And so, they could go on as before.

I’m writing this in an angry mood as I am thinking back of the literally twenty or more academics (all, except one, women or non-binary people) who told me they were victims of sexual harassment, sexual assault, and more. One particularly sticks in my mind—her married professor kept on trying to start a relationship with her when she was a grad student. She eventually relented, feeling she was in a difficult situation due to all sorts of problems in her personal life. Then, after a couple of years, he got tired of her and they parted. He never even read her dissertation, though formally her advisor. He never writes her letters of recommendation. She had the immense fortune of having an external committee member (fwiw a white man, and a lovely human being) who knew about the situation and who became her de facto adviser and letter writer. That true ally never said anything, though he wanted to, because the victim was worried that were the relationship revealed, her career would be over. After all, it was consensual. And people would say she tried to sleep her way into a better position. Meanwhile, that relationship, though long ended, is still negatively affecting her career. Her advisor, of course walks free with no repercussions.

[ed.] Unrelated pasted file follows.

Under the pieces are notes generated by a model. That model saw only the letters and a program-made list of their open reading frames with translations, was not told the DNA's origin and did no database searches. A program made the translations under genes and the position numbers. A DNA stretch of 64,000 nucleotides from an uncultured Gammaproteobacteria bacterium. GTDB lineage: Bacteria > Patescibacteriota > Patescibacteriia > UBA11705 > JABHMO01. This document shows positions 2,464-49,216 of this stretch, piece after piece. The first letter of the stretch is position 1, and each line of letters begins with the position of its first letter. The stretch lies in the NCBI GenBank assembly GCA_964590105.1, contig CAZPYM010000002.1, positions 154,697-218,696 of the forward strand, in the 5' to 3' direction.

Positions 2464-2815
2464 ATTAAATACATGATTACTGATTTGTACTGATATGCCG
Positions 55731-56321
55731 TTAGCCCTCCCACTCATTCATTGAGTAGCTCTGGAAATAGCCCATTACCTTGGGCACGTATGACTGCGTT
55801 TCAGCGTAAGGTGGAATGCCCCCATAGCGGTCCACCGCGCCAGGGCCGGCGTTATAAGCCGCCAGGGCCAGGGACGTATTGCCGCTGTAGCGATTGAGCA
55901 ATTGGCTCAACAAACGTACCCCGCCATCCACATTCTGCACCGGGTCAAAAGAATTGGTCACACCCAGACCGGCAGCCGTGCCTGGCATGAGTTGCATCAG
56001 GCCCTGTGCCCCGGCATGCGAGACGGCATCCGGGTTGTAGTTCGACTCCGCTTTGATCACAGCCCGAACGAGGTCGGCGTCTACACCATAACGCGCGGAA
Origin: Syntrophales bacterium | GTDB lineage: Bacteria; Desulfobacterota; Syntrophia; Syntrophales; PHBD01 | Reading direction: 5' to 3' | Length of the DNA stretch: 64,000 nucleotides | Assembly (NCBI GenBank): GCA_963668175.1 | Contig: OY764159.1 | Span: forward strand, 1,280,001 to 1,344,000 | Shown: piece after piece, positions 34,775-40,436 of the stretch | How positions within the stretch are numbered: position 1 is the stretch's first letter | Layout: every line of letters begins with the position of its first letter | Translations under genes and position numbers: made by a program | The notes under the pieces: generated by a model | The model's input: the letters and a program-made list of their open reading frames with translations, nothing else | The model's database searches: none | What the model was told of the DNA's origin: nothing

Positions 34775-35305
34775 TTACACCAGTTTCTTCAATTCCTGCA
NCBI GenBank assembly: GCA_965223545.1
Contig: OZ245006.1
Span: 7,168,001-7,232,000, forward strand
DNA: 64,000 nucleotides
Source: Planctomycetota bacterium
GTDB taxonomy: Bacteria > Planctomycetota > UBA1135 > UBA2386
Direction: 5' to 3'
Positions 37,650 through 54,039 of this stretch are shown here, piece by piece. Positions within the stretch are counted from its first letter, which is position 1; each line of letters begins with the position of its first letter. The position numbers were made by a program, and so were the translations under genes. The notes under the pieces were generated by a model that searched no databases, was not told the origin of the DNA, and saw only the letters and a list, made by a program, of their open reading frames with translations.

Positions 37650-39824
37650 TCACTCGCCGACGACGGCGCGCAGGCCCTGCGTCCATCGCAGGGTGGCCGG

I can tell many other stories like this. Some people do nothing because “it’s a lot better than it used to be.” This is not a recipe for doing nothing. We still have a structural problem.

Purely anecdotally and from my own and other people’s experiences, what is often happening is that academia is such a cut-throat, cold environment where your own ability to do philosophy is constantly questioned. You doubt yourself, you wonder if you have it in you. And if you are not a man, you do not benefit from “brilliance beliefs”. This was perhaps most apparent in my personal life when I was on a team of 6-7 postdocs who were all competing for the same tenure track position and all the faculty were going on about how brilliant this or that male candidate was. When I asked those faculty about my own chances, they said that surely as a woman and a person of color I would soon benefit from affirmative action. The message was clear: everyone wants to hire you, just not us.

In such a situation you can find yourself lonely, friendless and vulnerable to individuals who predate on people with that profile. They make you feel you’re special. The structural problems in academia regarding how we treat junior people, the callousness with which we discount their needs and testimony because they’re just passing through and aren’t people we need to take into account anyway, is part of why this keeps on happening. So if we seriously acknowledge that academia, and particularly philosophy, has a MeToo problem, we need to acknowledge the structures that enable these situations.